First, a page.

http://study.com/articles/Computer_Game_Designer_Job_Description_and_Info_About_a_Career_in_Computer_Game_Design.html) lists a number of university with computer game degrees, most of which are less sophisticated and do not include the focus upon game development that stands at the center of this proposal. In addition, this concentration complements entrepreneurial initiatives on campus such as the Enterprise program. 

The 123 credits required is in line with our other Computer Science concentrations. 

6. Related programs: 

7. Projected enrollment based on current faculty numbers: Some students pursuing CS degrees may decide to switch to this concentration. We hope that this Game Development concentration will also help attract more students to the CS program at Michigan Tech. No new courses are needed for this concentration. No additional teaching resources will be needed to start this degree concentration. 

8. Scheduling plan: Regular (no evening or extension courses) 

9. Curriculum design: See attached degree audit form. All CS courses will be used for departmental GPA calculation 

10. New courses: None 

11. Model schedule: See attached flowchart 

12. Library and other learning resources: $400 for additional books relating to game development. 

13. Faculty resumes:
Resumes and CVs for Computer Science faculty are available online at: http://www.mtu.edu/cs/department/faculty/ 

14. Description of available/needed equipment: No new equipment is needed. The concentration will be supported by the existing labs and spaces currently used by the Computer Science department such as the computer labs in Rekhi 112, 112A, 113, and 117. 

In addition, depending on the courses the students pursuing the concentration take, the students may also be expected to or allowed to access the Immersive Visualization Studio in the EERC 510, the virtual reality lab in Rekhi 314, and the Husky Game Development lab in Rekhi 219. Together, the equipment in these labs provide the computing infrastructure and hardware to develop video games and other software. Labs with virtual reality technology such as head-mounted displays will support students who are interested in writing next-generation games for this new, upcoming technology.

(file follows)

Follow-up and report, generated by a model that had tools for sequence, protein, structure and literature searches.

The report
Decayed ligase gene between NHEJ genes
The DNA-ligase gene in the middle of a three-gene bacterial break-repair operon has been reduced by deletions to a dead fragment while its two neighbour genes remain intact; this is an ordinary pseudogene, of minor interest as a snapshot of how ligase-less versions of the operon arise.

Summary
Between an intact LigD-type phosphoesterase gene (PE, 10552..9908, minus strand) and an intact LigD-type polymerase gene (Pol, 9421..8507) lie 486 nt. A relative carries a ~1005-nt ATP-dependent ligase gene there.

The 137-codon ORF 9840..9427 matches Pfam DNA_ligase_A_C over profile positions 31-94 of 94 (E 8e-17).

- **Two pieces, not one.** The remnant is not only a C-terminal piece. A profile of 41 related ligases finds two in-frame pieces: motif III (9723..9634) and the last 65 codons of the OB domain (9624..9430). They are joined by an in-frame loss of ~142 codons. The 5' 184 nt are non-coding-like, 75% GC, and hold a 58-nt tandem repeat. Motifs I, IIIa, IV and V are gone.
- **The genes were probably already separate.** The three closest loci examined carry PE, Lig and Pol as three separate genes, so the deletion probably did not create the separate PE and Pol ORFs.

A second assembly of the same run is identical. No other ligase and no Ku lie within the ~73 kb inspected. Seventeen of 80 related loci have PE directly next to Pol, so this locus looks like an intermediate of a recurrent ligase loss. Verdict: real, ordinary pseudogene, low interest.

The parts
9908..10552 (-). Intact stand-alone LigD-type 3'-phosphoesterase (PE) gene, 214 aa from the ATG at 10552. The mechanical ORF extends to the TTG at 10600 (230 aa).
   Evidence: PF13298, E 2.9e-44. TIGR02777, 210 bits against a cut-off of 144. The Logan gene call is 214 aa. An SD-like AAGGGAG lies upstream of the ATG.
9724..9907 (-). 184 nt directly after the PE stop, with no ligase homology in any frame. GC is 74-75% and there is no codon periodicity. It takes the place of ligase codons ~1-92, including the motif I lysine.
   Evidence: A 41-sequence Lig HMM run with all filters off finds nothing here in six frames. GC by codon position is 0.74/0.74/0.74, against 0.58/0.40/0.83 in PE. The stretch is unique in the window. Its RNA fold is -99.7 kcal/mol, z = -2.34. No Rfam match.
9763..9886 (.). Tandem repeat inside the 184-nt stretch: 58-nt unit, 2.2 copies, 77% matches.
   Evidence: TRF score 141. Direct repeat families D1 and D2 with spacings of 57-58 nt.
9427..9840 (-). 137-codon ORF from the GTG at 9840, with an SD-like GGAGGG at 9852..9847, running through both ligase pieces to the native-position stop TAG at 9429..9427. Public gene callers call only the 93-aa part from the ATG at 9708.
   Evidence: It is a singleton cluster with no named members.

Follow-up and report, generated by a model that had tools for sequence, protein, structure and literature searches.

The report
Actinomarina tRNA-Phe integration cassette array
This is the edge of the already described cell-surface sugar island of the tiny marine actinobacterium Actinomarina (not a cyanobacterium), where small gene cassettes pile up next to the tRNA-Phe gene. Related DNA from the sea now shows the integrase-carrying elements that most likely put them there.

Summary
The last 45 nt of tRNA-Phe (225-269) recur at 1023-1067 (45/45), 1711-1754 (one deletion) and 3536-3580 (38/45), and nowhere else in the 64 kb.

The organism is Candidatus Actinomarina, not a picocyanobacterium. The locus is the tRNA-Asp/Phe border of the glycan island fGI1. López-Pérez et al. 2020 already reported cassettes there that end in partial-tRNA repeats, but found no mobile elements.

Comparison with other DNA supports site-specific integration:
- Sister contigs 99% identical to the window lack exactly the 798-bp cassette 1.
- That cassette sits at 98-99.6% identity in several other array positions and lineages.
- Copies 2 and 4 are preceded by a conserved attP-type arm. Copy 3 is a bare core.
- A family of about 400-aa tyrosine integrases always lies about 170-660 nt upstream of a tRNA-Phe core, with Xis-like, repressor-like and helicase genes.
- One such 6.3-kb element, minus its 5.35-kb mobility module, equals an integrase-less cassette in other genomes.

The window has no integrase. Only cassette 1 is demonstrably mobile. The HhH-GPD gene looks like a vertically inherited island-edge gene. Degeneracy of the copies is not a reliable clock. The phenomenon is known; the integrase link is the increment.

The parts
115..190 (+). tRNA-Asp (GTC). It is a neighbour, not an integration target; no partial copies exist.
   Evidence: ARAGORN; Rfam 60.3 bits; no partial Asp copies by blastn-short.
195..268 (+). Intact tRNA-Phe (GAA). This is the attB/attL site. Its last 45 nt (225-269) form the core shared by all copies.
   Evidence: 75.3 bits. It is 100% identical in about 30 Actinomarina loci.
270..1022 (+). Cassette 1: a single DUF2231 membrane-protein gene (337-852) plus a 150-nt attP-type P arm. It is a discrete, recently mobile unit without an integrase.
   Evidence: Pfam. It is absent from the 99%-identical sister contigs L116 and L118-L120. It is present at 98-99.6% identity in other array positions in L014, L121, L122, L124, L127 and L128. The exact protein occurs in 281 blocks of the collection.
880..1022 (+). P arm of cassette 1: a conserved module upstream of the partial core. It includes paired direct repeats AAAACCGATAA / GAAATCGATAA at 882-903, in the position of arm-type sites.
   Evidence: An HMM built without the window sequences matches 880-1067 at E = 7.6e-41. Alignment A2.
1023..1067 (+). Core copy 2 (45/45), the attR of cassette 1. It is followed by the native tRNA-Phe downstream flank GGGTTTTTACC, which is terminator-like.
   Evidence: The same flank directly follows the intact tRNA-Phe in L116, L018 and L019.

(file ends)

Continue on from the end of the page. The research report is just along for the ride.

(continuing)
15. Program costs: Revise promotional/marketing material, including web material.  Expected cost is less than $1000 for year 1, with no additional funds in year 2 and 3. 

16. Space: No additional space required 

17. Policies, regulations and rules: No additional policies required 

18. Accreditation requirements:

The Game Development concentration will fall within the ABET accreditation requirements for Computer Science. The CS department has started the accreditation process in the 2015-2016 academic year. 

19. Planned implementation date: Fall 2016 

Appendix
The sections in this appendix are required by: http://www.admin.mtu.edu/usenate/propose/04/51-04.htm 

1. Relation to University Strategic Plan
1. Relation of program to the university's educational and research goals. 

The proposed concentration addresses Goal 2 and 3: 

GOAL 2: A distinctive and rigorous action-based learning experience grounded in science, engineering, technology, sustainability, business, and an understanding of the social and cultural contexts of our contemporary world. 

GOAL 3: Research, scholarship, entrepreneurship, innovation, and creative work that promotes a sustainable, just, and prosperous world. 

The concentration is consistent with Goal 2 by providing many learning experiences grounded in science and technology. 

The concentration is consistent with Goal 3 because it requires that students enroll in an enterprise course which encourages entrepreneurship, innovation, and creative work. 

2. Consistency with the university's resource allocation criteria.

This proposal does not require any significant new resources. The concentration will share resources with other CS concentrations.

2. Impact on University Enrollment 

1. Projected number of students in the program. 

40. This number is based on the fact that Husky Game Development Enterprise has had approximately 60 students enrolled in recent semesters. We know that many, but not all, of these students are interested in careers in game development. If approximately 1/3rd (i.e., 20) of these students switch to the new concentration and we attract around 20 new students to the program, the expected enrollment for this program would be 40.